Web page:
As we strolled the cobbled streets of Uzhgorod (often pursued by Roma) we were struck by all the cars tarted up in lace ribbons and plastic flowers.  Then we spotted a bride in a fluffy white dress, squired by her newly minted husband.  A hired photographer followed in close pursuit. Then another.  And another. Curiously, each couple was free-ranging.  No members of the theoretical wedding parties were in evidence.  And alas, none of the brides were blushing, and none could even be described as “glowing” (see photos). 

We learned that weddings are allowed only on certain days.  Thus today, Saturday, was a heavy wedding day.  This explained the concentration of brides, but not the sober faces.  Once again we found ourselves not understanding what we were seeing with our own eyes.  Who knows, perhaps in this culture it would have been inappropriate for a bride to glow, or even blush. 

Rounding a corner, we heard some lively Gypsy music and came upon a little band—two accordions, a violin, and a vocalist, belting out a tune that reminded me of Klezmer music.  They were serenading yet another newlywed couple, again without evidence of friends or family in the vicinity.  The groom seemed a bit self-conscious, but took his bride for a spin.  And in her spike heels on the cobbled street she spun surprisingly well. By the end of the dance the groom seemed a little ambivalent about the whole thing.  To see the video we took, pursue this link to YouTube:  Copy this: http://youtu.be/gR-OXs958s0 and paste it in your browser.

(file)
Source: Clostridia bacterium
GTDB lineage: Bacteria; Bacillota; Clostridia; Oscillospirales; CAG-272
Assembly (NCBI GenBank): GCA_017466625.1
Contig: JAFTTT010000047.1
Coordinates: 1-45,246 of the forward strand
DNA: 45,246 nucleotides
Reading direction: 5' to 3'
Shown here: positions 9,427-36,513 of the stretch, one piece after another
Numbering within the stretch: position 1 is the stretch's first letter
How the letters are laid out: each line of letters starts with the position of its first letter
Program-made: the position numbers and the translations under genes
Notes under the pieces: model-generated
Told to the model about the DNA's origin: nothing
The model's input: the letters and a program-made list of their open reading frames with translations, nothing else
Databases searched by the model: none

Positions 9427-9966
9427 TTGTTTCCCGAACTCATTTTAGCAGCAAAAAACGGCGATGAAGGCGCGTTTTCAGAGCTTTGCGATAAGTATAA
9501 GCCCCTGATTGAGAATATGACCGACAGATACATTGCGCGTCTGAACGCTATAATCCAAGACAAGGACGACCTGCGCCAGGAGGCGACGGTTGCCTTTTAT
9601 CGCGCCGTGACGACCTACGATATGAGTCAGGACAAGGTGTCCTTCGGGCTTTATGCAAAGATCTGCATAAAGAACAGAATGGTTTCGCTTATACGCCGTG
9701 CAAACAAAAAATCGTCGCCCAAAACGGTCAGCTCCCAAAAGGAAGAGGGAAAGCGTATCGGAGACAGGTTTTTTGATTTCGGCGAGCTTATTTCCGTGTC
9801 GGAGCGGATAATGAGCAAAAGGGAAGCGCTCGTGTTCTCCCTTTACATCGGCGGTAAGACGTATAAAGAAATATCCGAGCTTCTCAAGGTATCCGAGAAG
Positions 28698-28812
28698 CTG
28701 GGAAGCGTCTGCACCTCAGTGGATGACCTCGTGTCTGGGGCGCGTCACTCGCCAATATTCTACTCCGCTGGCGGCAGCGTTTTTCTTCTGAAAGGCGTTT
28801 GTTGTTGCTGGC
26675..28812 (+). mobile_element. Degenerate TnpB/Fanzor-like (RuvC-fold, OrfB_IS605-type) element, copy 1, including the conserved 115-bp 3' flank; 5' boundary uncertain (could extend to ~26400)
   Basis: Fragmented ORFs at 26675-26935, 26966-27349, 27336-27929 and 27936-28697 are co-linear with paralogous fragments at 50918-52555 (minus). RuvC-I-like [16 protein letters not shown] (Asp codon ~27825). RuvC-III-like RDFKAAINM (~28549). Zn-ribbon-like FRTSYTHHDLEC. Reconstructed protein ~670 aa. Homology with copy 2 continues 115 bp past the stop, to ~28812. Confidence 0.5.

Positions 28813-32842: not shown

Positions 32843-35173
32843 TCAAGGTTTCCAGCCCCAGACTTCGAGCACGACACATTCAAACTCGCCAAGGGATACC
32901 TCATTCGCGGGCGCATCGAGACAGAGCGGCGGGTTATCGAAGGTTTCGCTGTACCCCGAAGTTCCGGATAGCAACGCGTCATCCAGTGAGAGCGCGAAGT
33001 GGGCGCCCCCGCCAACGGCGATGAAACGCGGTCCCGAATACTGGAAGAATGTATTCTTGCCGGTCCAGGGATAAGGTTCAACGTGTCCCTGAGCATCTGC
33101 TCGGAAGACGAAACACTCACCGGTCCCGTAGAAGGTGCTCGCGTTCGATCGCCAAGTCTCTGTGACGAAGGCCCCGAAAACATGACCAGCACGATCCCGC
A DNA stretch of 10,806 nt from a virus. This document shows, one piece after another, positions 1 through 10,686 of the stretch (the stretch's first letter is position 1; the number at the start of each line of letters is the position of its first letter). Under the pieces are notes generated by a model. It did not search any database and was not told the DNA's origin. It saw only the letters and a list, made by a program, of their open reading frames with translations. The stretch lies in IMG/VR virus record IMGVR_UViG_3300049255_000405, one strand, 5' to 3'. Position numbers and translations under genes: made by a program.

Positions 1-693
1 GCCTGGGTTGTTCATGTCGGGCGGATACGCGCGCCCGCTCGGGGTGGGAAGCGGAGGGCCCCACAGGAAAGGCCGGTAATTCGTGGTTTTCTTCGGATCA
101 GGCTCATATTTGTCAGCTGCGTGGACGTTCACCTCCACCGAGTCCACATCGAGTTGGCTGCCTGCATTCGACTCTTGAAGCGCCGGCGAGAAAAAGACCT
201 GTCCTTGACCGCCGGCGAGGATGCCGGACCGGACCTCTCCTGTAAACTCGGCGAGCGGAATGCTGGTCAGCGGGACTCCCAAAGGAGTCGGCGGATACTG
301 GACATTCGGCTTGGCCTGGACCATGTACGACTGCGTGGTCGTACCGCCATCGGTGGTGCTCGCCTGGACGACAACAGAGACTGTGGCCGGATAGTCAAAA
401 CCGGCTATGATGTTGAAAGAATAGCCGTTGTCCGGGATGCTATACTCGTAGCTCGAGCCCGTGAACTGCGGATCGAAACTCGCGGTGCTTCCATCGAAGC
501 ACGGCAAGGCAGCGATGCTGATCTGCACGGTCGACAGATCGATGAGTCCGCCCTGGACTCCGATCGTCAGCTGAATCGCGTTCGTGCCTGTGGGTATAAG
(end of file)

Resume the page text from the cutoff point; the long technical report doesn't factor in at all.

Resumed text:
Later, back at the guest house we met our newfound hosts and drove after them to the Georgian restaurant.  We were ushered up two steps to a door flanked by curtains into a large private room.  Peter immediately drew the curtains to keep out as much smoke as possible--non-smoking restaurants haven’t yet been invented in Ukraine.  Dinner was both raucous and delicious.  Peter had thoughtfully ordered special food for us weird vegetarians—roasted potatoes, all sorts of salads, and grilled eggplant, tomatoes, and peppers.  There were three types of bread.  Our private server was a very pretty young woman with tightly braided hair and a stylish white pleated blouse.  On the front of the blouse she had written in thick English letters with black marking pen, “Fashion Hype.”